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They're Only Words

Somewhere in his Introduction to The Complete Polysyllabic Spree, Nick Hornby says, and I'm paraphrasing, life's too short to read a book you're not enjoying.

And in most circumstances, I'd agree. But I'm still on my finish-what-you-start kick, so I'll muddle through my latest selection.

In said preface, Hornby also says that when he took the Believer gig, he learned the one commandment of the magazine, Thou Shall Not Slag Anyone Off. This is a noble creed.

So I won't slag off (and what a lovely phrasal verb that is, perhaps I'll teach it tomorrow) the author of my latest literary undertaking. In fact, I won't even name the book (but you can email me if you really want to know, and if you've read it you'll have figured it out in no time).

I'm told it's beautifully written. I think it's overwritten. I keep seeing adverb on top of adjective on top of adverb, shifting points-of-view, paragraph after flowery paragraph of expository descriptions that show rather than tell, and a preponderance of 25-cent words like "fractious", "lugubriously", "maladroit", and "afresh".

I know, I know ... they're all wonderful words. It's a banquet of language in a fast-food world. Feh. I suppose it is the way many people speak on a regular basis, over pitchers of Pimm's and gin martinis whilst making pithy comments about what they've just read in today's Daily Mail.

The other thing that's bugging me is that the chapters bounce back and forth in time from modern-day to about thirty years ago. Normally, this is a structure I have no bones with. But it's painfully obvious that the families in the two time frames are one and the same, and for some reason (which is clearly linked to the double-secret 'terrible event' mentioned in the blurb) the protagonist has a different name depending on if he's a precocious 10-year-old mama's boy or a pretentious 40-year-old brother-in-law-shagging adult.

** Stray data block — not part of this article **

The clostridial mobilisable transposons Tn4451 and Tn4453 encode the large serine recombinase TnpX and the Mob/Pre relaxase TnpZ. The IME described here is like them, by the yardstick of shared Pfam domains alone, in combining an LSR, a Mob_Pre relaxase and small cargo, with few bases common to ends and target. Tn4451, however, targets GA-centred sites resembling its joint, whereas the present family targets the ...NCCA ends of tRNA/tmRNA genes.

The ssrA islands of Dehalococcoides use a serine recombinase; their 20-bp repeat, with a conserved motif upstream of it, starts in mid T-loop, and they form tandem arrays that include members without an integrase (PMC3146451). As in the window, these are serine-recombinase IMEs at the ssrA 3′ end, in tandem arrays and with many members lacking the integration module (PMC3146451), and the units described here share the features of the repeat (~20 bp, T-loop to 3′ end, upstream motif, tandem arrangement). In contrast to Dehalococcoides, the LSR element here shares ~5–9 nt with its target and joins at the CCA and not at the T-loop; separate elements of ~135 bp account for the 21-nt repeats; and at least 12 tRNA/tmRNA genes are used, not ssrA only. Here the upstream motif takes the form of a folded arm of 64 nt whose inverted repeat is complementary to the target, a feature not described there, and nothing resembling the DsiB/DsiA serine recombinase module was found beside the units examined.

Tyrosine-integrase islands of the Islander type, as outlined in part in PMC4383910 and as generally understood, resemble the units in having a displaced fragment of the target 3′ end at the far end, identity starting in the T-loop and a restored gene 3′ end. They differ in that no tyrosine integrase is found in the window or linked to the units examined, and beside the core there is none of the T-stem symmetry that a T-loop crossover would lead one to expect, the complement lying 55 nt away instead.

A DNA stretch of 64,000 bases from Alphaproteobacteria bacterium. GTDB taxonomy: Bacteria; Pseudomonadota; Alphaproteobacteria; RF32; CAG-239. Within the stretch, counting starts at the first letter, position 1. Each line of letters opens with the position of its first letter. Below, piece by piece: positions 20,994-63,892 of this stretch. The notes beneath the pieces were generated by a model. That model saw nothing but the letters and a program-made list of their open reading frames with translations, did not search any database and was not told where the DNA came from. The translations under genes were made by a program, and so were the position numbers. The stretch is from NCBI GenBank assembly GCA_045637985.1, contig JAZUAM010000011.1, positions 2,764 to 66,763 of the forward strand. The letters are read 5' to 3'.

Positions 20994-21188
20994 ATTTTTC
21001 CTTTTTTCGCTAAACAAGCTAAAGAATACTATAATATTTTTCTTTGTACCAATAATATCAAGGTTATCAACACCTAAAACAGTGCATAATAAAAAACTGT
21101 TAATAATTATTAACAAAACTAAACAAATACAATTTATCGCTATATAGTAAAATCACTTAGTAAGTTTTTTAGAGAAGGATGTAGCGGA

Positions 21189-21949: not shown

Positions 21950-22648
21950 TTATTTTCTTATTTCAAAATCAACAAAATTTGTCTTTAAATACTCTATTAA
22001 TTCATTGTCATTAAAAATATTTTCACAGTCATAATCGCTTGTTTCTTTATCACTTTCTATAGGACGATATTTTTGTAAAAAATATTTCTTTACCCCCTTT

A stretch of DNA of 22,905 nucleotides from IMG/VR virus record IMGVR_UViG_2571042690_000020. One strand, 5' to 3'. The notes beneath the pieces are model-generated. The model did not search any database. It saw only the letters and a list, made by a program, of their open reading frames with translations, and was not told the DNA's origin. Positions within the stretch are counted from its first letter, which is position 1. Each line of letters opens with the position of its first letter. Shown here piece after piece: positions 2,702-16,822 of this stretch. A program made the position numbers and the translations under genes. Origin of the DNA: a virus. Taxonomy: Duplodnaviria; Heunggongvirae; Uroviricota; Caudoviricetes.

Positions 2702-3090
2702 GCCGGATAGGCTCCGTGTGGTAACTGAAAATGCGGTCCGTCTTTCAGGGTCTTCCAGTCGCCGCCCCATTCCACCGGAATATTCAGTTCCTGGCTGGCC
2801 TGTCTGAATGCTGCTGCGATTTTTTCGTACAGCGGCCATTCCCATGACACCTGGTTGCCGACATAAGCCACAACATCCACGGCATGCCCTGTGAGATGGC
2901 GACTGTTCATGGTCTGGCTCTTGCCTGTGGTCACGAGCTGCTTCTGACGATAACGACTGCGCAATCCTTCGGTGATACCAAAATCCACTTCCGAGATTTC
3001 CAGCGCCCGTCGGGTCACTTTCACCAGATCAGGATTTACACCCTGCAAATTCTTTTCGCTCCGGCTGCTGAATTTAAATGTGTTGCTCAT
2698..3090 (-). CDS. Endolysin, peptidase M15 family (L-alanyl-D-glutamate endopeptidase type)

I wonder if anybody reading the book has had an omygod I never imagined! moment when this twist is revealed (which I hope is soon, but I'm only a third of the way through it).

So I'll keep reading. And I'll hope that I find some affection for (or even an interest in) at least one of the characters. And I'll keep thinking what I might have done differently. And I'll keep wondering why this author made these particular choices to tell his story. And I'll keep remembering that taste is subjective, and the tent is plenty big for those whose write like Anne Tyler, Raymond Carver and Tom Perrotta as well as those whose writing, well, in keeping with the Believer's motto, "tends to be admired by critics more than book-buyers."* That said, I reckon author sells fairly well over here.

But hey, it's not all bad, this new non-ADD book club that I've put myself into. I absolutely loved American Gods, which was a big surprise as it's not a genre (sci-fi/fantasy/modern myth) that I normally dive into.

The other good thing about my new set of rules is that I have to finish the new one within two weeks, and I really don't think I want to spend that long with this family, so it'll be over in short order.

What are y'all reading? Any suggestions for my next one?

* Also from the Introduction to Hornby's TCPS.